Urbanization has been mentioned as one possible cause of higher food prices, and in this paper we examine some of the suggested links between urbanization and food prices.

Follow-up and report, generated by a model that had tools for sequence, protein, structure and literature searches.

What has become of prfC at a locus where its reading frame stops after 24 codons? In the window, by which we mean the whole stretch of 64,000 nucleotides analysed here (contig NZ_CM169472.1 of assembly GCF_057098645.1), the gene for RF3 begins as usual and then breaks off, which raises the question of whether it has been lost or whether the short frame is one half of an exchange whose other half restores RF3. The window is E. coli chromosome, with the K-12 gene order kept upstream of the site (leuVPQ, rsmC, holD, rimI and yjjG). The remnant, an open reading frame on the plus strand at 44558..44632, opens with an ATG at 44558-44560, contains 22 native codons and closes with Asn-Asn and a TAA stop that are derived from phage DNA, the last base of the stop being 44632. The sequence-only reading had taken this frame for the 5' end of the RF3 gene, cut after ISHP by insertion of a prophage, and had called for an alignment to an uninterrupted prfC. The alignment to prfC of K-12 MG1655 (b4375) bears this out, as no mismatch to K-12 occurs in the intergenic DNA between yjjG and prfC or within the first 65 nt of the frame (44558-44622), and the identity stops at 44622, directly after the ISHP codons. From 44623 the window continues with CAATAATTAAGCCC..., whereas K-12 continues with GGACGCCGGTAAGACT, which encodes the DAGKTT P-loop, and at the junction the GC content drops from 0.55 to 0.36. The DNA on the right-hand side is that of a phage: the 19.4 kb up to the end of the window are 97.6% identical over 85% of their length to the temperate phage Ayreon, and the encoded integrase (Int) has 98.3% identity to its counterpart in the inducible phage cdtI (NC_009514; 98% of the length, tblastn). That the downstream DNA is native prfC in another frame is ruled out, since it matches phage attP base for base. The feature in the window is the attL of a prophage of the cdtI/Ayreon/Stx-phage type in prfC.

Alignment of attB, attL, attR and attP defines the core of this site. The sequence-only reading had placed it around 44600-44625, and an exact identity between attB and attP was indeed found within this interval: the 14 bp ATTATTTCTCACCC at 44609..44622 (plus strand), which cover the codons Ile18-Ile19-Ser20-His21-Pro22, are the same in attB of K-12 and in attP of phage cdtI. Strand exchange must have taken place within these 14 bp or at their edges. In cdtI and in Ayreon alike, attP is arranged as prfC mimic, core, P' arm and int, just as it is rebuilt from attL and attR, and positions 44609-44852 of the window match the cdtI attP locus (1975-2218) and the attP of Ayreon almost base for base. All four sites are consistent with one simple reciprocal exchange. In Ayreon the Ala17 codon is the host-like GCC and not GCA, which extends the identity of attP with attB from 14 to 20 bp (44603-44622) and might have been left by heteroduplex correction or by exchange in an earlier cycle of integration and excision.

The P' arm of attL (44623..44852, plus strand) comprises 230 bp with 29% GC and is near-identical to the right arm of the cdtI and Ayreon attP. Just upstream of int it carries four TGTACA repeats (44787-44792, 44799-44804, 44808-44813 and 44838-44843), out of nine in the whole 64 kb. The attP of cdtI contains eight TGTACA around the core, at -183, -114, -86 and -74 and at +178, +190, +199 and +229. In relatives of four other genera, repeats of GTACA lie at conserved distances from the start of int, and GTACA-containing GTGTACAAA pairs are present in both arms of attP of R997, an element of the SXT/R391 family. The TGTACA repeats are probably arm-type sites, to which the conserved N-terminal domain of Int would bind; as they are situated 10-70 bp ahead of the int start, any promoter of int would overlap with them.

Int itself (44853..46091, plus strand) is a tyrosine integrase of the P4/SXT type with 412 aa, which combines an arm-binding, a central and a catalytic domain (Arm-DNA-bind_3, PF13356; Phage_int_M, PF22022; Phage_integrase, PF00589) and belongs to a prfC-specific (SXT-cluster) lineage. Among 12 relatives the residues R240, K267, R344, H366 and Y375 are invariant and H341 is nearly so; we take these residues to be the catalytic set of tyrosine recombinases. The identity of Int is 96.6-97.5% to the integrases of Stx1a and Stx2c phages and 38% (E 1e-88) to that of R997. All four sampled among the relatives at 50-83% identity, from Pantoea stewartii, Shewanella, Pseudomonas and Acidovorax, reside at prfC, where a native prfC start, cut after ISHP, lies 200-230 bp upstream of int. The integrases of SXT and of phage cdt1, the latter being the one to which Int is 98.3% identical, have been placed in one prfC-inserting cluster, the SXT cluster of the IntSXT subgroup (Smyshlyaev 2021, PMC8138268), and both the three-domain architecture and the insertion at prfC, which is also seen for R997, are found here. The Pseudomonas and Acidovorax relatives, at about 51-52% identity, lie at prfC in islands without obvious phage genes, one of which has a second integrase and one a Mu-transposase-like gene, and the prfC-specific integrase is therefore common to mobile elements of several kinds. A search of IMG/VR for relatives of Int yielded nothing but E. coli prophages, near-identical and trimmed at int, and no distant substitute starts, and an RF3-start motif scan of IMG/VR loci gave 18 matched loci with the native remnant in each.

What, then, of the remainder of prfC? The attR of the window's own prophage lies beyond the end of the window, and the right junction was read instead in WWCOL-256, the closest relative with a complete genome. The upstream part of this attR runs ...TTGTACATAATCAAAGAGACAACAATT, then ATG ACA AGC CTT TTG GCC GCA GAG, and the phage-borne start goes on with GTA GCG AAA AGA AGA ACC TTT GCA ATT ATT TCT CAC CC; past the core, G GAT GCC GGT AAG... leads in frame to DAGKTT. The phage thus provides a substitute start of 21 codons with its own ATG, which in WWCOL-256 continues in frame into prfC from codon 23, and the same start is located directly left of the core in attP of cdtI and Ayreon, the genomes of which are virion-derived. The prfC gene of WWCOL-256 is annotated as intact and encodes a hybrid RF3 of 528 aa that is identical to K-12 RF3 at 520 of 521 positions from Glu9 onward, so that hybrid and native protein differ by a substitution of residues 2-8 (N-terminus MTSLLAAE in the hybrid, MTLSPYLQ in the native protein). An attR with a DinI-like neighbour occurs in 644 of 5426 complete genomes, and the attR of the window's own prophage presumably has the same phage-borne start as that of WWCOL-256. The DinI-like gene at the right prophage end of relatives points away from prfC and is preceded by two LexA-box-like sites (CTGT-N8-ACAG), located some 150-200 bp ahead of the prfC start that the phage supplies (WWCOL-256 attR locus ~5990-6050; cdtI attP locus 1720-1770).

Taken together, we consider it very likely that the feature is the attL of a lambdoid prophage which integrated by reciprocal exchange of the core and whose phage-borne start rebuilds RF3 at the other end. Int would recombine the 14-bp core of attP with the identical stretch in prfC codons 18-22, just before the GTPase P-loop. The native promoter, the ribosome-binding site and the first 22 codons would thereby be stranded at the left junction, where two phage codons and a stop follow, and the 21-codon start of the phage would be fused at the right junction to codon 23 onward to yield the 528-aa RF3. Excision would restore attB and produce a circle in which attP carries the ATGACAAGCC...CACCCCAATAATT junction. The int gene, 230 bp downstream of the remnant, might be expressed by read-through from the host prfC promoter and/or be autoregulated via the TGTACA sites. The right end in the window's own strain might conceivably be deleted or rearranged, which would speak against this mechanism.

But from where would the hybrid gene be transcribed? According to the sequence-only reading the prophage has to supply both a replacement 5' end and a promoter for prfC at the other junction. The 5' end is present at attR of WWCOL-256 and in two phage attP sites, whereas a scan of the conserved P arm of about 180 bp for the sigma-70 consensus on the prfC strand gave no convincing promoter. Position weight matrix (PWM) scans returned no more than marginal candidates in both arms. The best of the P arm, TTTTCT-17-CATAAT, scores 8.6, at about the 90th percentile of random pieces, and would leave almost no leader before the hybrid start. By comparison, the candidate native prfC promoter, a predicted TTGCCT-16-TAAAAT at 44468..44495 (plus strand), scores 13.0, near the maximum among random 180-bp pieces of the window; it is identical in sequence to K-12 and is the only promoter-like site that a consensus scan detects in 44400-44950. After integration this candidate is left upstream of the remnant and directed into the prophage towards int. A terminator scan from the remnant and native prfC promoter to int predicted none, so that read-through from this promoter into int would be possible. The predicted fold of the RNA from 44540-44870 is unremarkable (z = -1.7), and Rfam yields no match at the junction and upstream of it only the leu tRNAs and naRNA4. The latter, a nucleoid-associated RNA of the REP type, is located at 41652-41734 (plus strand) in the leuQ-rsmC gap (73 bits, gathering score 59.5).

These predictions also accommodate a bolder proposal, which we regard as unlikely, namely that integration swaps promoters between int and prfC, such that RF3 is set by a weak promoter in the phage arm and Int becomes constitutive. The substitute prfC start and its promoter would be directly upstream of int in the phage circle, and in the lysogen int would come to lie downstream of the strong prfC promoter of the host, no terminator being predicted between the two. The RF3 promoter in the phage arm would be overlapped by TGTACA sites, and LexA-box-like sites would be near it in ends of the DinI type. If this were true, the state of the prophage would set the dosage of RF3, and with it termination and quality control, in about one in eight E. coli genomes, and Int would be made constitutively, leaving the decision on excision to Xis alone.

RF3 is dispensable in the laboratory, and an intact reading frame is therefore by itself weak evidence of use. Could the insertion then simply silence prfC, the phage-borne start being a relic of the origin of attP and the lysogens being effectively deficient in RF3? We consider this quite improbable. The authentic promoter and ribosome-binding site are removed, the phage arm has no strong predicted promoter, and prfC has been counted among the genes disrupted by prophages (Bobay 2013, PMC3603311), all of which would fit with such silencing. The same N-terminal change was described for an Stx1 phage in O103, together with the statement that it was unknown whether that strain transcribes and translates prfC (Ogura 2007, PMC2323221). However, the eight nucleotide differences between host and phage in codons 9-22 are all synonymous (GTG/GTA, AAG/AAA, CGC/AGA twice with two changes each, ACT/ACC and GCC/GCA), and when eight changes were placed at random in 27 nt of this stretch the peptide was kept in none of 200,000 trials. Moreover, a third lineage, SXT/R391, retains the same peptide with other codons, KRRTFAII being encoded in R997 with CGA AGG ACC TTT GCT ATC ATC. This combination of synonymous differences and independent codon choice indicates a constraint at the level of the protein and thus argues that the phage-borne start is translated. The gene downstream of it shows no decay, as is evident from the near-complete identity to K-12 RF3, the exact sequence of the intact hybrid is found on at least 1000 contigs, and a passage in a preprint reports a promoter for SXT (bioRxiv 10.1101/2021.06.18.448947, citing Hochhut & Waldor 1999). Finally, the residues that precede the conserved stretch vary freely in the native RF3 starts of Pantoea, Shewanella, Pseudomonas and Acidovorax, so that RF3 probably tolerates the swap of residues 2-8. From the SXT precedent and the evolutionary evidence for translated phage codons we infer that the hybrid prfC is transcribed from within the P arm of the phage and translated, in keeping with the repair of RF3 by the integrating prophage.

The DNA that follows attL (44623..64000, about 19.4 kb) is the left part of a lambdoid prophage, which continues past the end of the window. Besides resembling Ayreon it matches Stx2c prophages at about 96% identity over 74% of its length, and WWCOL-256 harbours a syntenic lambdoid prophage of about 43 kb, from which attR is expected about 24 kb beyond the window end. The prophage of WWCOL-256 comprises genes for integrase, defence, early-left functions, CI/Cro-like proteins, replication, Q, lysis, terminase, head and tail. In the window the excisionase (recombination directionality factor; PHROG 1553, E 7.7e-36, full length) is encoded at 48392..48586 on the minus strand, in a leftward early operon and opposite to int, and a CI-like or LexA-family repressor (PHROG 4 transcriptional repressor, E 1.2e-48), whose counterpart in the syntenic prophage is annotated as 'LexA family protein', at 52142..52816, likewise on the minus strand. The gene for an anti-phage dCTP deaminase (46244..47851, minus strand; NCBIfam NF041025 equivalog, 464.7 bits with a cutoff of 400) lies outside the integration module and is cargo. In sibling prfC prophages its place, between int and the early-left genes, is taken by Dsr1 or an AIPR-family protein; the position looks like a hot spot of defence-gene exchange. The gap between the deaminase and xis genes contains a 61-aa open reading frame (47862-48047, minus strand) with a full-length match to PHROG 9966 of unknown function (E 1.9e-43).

We conclude that urbanization, conventionally defined as the increasing share of the population living in urban settlements, is being conflated with related but separate processes, such as economic growth, population growth and environmental degradation. We discuss factors that affect food prices and conclude that the one important way in which urbanization in poor countries may affect food prices is that it increases the number of households that depend on commercial food supplies, rather than on own production, as their main source, and hence are likely to hoard food if they fear future price increases. One policy option for managing this is larger food reserves. Attempts to curb urbanization, on the other hand, would be ill-advised.
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